South Africa is the second largest economy in Sub-Saharan Africa and EU’s largest trading partner on the continent. Since the end of apartheid in 1994, South Africa has enjoyed macro-economic stability. However, its upper middle-income country status masks the many problems the country still faces in terms of poverty, inequality, unemployment, education, and health.
More than 1 in 2 South Africans live below the national poverty line (about 37€/month), around a third of the population is unemployed, inequalities remain high, and the legacy of apartheid is still very much felt in terms of distribution of wealth. South Africa’s educational system is does not operate properly and the country registers the world’s largest HIV/AIDS caseload.
South Africa also faces economic challenges, such as a slow growth rate and a manufacturing production in decline. Despite recent efforts to attract investment to support economic growth and job creation, the government’s reforms are insufficient to address unemployment, and improve service delivery and the business climate.
The South Africa-European Union Strategic Partnership, one of ten in the world and the only country-level EU strategic partnership on the continent, provides a broad strategic framework for programming and building on the commitments to multilateralism, peace, and security. The partnership is guided by:
• The 2030 Agenda: the SDGs and the Addis Ababa Action Agenda
• The Global Strategy for the EU’s Foreign and Security Policy
• The new European Consensus on Development
• European Green Deal
• The UNFCCC Convention and Paris Agreement on Climate Change
The proposed areas of intervention, where the EU adds significant value, are the following:
Sustainable, resilient, transformative and inclusive growth
We focus on building opportunities for the key areas that link EU and South African development priorities, including addressing the nexus of poverty, inequality and unemployment, building state capacities and active citizenship. Also, adapting to climate change in order to transition to a climate-resilient, low-carbon economy and to contribute to a just society while creating space for recovery and growth, linked to a digital economy, innovation, skills development, economic inclusion of women and youth, and the fight against corruption.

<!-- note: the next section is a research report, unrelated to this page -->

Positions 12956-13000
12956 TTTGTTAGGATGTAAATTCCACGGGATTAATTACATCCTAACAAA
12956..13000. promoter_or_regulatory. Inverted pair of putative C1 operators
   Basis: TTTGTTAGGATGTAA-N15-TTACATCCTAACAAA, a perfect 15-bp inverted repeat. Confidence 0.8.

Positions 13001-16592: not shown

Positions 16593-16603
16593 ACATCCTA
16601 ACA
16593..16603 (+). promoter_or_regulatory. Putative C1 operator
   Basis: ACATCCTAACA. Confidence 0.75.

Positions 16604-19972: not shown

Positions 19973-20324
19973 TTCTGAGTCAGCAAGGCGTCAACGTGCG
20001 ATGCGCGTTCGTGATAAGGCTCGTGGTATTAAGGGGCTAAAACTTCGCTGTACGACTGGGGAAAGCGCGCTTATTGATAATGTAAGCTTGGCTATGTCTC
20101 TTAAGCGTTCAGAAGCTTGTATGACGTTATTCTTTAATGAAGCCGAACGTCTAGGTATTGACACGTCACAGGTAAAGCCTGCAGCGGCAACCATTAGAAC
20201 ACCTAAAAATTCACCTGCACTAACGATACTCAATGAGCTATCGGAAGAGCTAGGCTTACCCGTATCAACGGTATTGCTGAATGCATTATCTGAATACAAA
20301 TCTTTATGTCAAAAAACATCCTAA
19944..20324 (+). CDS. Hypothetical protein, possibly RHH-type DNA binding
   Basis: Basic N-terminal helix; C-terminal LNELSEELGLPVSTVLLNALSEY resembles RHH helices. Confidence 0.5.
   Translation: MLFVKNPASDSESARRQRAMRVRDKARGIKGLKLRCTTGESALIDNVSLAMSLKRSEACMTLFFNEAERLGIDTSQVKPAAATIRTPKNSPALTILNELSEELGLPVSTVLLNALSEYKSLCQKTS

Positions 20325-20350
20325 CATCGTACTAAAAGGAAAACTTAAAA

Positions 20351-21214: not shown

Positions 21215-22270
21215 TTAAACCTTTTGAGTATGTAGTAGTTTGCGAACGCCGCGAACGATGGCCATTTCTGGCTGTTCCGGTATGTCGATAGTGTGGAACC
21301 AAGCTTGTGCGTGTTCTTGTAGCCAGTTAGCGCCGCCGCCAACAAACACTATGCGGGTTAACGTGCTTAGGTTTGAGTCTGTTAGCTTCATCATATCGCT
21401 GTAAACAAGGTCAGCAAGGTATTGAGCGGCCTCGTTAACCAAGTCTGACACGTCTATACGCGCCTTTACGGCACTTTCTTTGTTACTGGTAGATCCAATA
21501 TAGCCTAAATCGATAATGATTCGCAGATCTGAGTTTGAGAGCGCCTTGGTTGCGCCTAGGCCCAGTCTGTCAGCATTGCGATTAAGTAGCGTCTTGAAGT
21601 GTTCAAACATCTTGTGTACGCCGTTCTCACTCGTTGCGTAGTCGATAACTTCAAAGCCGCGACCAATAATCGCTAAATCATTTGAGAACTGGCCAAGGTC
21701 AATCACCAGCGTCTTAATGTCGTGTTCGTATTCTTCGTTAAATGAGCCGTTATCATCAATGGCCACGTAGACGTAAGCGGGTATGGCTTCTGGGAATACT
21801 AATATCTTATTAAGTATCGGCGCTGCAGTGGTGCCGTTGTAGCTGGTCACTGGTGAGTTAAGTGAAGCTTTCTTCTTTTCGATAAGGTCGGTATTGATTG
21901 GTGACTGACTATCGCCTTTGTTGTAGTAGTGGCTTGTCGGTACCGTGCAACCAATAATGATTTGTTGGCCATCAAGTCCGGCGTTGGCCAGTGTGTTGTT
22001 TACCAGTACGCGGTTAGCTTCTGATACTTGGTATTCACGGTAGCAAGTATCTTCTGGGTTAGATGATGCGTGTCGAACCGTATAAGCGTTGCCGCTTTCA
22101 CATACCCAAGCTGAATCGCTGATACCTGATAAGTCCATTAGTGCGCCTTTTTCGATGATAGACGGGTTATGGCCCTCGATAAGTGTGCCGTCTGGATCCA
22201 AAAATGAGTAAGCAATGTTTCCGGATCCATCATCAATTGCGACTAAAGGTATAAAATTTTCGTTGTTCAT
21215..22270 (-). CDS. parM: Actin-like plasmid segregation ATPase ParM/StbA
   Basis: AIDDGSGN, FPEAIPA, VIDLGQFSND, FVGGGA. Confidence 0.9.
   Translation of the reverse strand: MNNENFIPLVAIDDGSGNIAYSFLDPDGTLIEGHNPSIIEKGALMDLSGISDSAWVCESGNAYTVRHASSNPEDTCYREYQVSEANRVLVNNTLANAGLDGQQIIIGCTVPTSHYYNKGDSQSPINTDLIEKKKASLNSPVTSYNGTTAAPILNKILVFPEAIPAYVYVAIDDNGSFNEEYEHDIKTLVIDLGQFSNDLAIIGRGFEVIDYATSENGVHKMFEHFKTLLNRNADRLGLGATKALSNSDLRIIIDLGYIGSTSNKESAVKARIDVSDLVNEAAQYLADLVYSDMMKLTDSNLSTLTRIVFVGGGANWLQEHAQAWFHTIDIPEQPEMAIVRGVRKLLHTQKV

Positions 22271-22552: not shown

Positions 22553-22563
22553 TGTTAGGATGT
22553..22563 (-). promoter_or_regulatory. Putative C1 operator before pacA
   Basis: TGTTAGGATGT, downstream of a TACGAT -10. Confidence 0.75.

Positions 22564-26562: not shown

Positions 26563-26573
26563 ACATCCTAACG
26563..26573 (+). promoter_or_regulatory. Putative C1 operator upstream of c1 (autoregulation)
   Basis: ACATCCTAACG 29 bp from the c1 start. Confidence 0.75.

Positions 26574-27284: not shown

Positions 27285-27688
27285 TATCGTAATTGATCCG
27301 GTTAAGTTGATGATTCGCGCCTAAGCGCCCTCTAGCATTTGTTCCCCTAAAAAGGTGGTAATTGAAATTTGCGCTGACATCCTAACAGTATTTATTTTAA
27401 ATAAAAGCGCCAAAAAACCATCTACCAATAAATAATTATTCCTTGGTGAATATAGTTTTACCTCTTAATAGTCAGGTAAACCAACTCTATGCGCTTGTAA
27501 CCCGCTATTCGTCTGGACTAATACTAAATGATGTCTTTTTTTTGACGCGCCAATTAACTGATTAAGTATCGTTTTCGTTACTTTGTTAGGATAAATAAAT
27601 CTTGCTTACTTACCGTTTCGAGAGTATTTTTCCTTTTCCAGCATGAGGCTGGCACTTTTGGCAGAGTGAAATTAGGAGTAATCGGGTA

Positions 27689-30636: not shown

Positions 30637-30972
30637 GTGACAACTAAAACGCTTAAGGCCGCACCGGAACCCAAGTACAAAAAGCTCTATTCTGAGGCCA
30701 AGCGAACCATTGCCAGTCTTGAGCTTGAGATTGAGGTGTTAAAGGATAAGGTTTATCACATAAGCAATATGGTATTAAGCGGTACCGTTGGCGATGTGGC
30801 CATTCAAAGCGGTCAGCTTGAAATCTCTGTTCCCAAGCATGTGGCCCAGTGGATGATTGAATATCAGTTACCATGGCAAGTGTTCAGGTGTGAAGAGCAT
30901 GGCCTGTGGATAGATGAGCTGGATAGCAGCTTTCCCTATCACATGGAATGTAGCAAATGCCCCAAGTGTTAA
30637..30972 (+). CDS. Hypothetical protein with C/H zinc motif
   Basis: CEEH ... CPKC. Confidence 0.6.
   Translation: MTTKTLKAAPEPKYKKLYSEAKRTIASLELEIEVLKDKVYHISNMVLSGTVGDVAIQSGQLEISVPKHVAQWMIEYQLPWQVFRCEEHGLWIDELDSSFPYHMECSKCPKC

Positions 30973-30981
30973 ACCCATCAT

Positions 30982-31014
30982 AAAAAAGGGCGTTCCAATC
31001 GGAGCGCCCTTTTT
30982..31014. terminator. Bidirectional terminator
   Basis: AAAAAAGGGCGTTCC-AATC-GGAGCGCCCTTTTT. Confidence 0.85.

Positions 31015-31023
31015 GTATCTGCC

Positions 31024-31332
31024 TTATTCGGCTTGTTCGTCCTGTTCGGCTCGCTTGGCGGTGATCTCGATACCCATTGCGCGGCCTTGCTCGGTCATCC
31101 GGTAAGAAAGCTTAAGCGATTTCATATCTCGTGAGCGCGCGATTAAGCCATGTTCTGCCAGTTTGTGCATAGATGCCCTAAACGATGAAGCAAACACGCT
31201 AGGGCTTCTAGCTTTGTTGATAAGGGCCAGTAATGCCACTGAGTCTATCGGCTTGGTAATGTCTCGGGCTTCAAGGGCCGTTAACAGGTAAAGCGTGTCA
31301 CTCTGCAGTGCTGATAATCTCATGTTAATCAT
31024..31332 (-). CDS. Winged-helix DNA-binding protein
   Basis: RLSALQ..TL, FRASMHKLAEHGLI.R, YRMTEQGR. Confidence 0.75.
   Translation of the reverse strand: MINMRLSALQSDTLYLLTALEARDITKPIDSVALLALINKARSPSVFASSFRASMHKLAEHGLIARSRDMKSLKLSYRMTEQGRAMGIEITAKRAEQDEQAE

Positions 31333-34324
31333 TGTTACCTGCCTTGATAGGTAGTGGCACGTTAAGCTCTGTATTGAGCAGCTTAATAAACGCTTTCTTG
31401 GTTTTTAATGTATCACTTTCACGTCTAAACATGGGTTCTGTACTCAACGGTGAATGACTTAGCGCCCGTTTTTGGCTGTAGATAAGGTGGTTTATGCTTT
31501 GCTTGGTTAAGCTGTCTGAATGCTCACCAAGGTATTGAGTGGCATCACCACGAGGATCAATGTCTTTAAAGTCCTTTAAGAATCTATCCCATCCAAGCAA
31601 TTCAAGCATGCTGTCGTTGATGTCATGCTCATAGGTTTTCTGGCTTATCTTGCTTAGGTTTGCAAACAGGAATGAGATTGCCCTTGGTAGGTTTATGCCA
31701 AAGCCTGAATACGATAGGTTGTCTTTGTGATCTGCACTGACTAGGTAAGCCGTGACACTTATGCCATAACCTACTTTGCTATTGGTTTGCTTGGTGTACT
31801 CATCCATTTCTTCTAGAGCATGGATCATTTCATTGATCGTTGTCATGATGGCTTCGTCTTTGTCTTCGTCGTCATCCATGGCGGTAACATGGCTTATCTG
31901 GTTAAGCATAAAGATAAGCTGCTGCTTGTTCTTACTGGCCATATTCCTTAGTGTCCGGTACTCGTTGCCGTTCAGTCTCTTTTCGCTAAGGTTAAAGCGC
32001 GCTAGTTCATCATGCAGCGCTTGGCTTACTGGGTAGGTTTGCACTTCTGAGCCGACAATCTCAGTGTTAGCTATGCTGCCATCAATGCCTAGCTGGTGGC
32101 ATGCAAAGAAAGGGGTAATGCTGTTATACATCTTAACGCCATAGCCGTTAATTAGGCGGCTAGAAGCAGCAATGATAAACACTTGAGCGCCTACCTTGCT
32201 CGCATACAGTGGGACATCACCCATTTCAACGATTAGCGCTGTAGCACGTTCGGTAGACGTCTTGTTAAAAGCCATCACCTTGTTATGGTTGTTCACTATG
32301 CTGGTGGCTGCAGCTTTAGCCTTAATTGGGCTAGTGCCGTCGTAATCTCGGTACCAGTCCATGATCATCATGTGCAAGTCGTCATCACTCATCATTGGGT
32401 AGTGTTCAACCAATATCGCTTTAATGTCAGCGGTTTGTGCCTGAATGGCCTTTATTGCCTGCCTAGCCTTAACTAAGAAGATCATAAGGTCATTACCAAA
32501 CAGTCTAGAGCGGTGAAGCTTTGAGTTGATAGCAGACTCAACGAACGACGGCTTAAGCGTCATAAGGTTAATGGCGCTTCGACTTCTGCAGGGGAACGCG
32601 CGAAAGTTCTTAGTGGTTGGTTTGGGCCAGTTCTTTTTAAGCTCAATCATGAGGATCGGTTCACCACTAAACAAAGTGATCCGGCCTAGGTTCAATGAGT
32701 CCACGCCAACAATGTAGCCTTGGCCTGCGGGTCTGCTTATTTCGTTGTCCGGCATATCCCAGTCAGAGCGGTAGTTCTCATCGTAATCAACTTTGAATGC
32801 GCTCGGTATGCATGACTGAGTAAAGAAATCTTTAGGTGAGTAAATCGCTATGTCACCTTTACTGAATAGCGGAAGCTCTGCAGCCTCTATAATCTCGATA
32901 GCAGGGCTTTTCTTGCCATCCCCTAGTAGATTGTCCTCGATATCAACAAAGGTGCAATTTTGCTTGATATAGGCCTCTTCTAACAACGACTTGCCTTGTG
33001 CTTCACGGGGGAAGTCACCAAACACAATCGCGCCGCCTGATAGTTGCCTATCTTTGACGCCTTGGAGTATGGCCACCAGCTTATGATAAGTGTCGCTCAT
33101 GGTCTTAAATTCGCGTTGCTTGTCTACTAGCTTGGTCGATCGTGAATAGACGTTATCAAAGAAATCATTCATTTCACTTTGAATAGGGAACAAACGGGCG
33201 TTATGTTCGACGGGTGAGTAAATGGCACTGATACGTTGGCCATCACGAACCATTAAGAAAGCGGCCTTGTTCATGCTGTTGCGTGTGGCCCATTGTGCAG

We promote a multidimensional approach to addressing inequalities and building on the lessons of EU-funded programmes which have conceptualised innovative approaches to unemployment solutions for South Africa. We will increase investment in technical and vocational education and training skills development, especially in emerging sectors of the economy and support South Africa’s youth while developing its potential. EU interventions also focus on digital and innovative solutions and capacity development for both the demand and supply side as important enablers for more efficient, transparent and inclusive service delivery.
We aim to enhance EU-South Africa’s strategic partnership toward sustainable development. The activities in this area will provide a substantial contribution to furthering EU-SA partnerships, aimed at safeguarding global public goods and enhancing regional and global integration. There is strong potential to leverage the EU-SA strategic partnership priority areas and other priorities of mutual interest and promote SA’s role regionally and globally, creating opportunities for a broader European public and economic diplomacy and strengthening people to people bonds between the EU and South Africa.
The Multiannual Indicative Programme (MIP) for South Africa for 2021-2024 amounts to €129 million.
Priority area 1: ‘Sustainable, resilient, transformative, and inclusive growth’ strives to accompany South Africa on its path towards more sustainable, green, and resilient growth. Working on a green and resilient economy would provide a substantial EU contribution to SA’s pressing socio-economic challenges while enabling the country to progress towards its long-term national development objectives.
Priority area 2: ‘Reducing Inequalities’ ensures the support of South Africa in reducing inequalities, with the EU making a crucial contribution to one of the country’s deep-rooted challenges. EU engagement will also support the reduction of unemployment while meeting EU priorities and interests.
Priority area 3: ‘Partnerships’ promote the enhancement of EU-South Africa’s strategic partnership towards sustainable development, leveraging priority areas and other mutual interests to promote SA’s role regionally and globally.